That's interesting. Do we know how David Hill gets to his calculations?

Is it is finescale map or does it just show a more localised picture?
 
Nov 2008
1,390
England
#35
That's interesting. Do we know how David Hill gets to his calculations?

Is it is finescale map or does it just show a more localised picture?
Those two maps I mentioned were based on The Domesday Geographies of England edited by H. C. Darby, published in 1969. The atlas by David Hill which was published in 1981 is aimed at the specialist not the generalist, and no doubt some of the information contained within has been has been developed further by now. Nevertheless, a good book which may still be found in academic libraries. A word of caution for Anglo-Saxon fans on this forum who may seek a copy. An atlas of pretty coloured maps it is not. All the maps are in black and white. And, oh yes, it deals mainly with Anglo-Saxon history from the time of Bede until just after the Norman conquest.
 

authun

Ad Honorem
Aug 2011
5,219
#36
Those two maps I mentioned were based on The Domesday Geographies of England edited by H. C. Darby, published in 1969. The atlas by David Hill which was published in 1981 is aimed at the specialist not the generalist, and no doubt some of the information contained within has been has been developed further by now. Nevertheless, a good book which may still be found in academic libraries. A word of caution for Anglo-Saxon fans on this forum who may seek a copy. An atlas of pretty coloured maps it is not. All the maps are in black and white. And, oh yes, it deals mainly with Anglo-Saxon history from the time of Bede until just after the Norman conquest.

Found this map on the researchgate web site:



An explanation is given at Figure 2. Approximate population densities in AD 1086. The small grey...

There are some other interesting maps linked to that page.
 
Jun 2015
5,730
UK
#37
It makes sense, since there is more scope for arable farming in the south and east of England. What are the black squares though - towns/cities with high populations?
There is a square roughly where Milton Keynes should be now. Since it didn't exist back then, I'm wondering if this is Olney in Buckinghamshire.
 

authun

Ad Honorem
Aug 2011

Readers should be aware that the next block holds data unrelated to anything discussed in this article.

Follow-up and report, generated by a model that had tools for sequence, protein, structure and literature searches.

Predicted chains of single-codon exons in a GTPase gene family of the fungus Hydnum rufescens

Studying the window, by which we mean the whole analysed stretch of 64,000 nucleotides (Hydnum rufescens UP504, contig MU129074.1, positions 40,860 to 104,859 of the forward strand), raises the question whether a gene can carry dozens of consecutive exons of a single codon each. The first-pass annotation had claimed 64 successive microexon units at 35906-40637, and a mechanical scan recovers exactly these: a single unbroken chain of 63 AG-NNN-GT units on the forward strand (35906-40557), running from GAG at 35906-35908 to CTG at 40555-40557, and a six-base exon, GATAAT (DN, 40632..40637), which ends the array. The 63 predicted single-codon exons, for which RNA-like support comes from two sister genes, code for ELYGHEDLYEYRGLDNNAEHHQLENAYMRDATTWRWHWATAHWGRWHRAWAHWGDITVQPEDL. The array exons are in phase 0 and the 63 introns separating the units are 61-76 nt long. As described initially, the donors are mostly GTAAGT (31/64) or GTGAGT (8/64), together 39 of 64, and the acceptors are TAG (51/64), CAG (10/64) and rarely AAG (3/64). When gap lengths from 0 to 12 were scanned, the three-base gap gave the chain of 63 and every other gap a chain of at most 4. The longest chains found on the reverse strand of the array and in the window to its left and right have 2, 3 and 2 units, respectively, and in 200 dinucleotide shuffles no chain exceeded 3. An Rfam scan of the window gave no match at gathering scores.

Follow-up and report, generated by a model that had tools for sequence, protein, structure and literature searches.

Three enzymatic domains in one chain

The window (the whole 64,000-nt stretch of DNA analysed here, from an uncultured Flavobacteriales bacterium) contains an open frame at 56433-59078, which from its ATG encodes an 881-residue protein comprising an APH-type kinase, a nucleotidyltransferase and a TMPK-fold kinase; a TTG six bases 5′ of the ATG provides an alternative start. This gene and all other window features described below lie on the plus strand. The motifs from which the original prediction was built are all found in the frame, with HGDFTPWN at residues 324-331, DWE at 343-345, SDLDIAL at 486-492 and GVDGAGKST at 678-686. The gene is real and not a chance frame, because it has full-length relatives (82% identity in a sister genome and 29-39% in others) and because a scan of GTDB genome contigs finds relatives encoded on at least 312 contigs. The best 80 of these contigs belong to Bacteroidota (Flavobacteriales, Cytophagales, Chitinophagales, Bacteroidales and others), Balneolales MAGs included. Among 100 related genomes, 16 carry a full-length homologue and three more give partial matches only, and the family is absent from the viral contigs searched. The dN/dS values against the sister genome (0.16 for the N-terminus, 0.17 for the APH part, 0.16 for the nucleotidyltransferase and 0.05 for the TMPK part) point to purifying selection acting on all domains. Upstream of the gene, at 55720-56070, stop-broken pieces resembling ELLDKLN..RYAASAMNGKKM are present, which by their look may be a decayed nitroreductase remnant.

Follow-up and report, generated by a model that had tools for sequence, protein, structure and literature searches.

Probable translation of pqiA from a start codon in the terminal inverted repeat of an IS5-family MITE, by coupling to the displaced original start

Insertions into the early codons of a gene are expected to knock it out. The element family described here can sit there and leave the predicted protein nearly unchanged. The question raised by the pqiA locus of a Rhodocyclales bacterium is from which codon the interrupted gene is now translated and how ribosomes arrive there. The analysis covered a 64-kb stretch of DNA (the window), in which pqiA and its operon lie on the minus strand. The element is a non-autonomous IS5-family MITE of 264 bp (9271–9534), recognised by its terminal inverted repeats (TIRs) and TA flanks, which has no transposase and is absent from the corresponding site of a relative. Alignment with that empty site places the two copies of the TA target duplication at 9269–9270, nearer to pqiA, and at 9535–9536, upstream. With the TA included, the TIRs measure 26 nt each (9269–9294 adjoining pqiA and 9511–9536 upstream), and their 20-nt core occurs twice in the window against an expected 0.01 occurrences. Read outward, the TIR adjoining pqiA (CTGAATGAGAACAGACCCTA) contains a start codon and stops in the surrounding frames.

5,219
#38
It makes sense, since there is more scope for arable farming in the south and east of England. What are the black squares though - towns/cities with high populations?
There is a square roughly where Milton Keynes should be now. Since it didn't exist back then, I'm wondering if this is Olney in Buckinghamshire.
Without reading the statistical treatment used to create the heat map, i can only point towards what it says in the text: "Towns that were absent from Domesday but whose additional urban populations have been estimated based on other documentary evidence are shown as black squares."

The grey dots are the census points, placenames and manors. There were however about 18 towns with population centres with more than 2000 inhabitants. The author of this map must have used a lower threshold as there are, I think, 23 larger places. The populations of these centres must be calculated differently than those for the placenames and manors which were agricultural in nature.
 

authun

Ad Honorem
Aug 2011
5,219
#40
Bedford wasn't in Domesday? that's surprising. Norwich and Ipswich were also squares.
I don't know which towns are absent from Domesday but some places like London, Bristol, Winchester, Tamworth are. The BBC site mentions that:

"The place-names found in the Domesday Book are township and estate names, and may include other villages and hamlets that receive no specific mention in the text; for example, the Domesday entry for Shepshed, near Loughborough, includes the settlements of Long Watton, Lockington and Hemington, but they are not specifically mentioned. "

When calculating the population, the grey dots are treated thus:

"A very simple multiplier of 4.75 has been used to convert all recorded individuals in Domesday to hypothetical household complements and this then allows for the further addition of certain urban populations ignored in Domesday but estimated from other records (following Moore 1997). "

This won't work for either the urban centres or those not mentioned, ie the blacks quares, so they have been calculated differently. Obviously, if one multiplied all the names mentioned in the Domesday entry for York by 4.75, the population would be under represented. It's urban, not agricultural.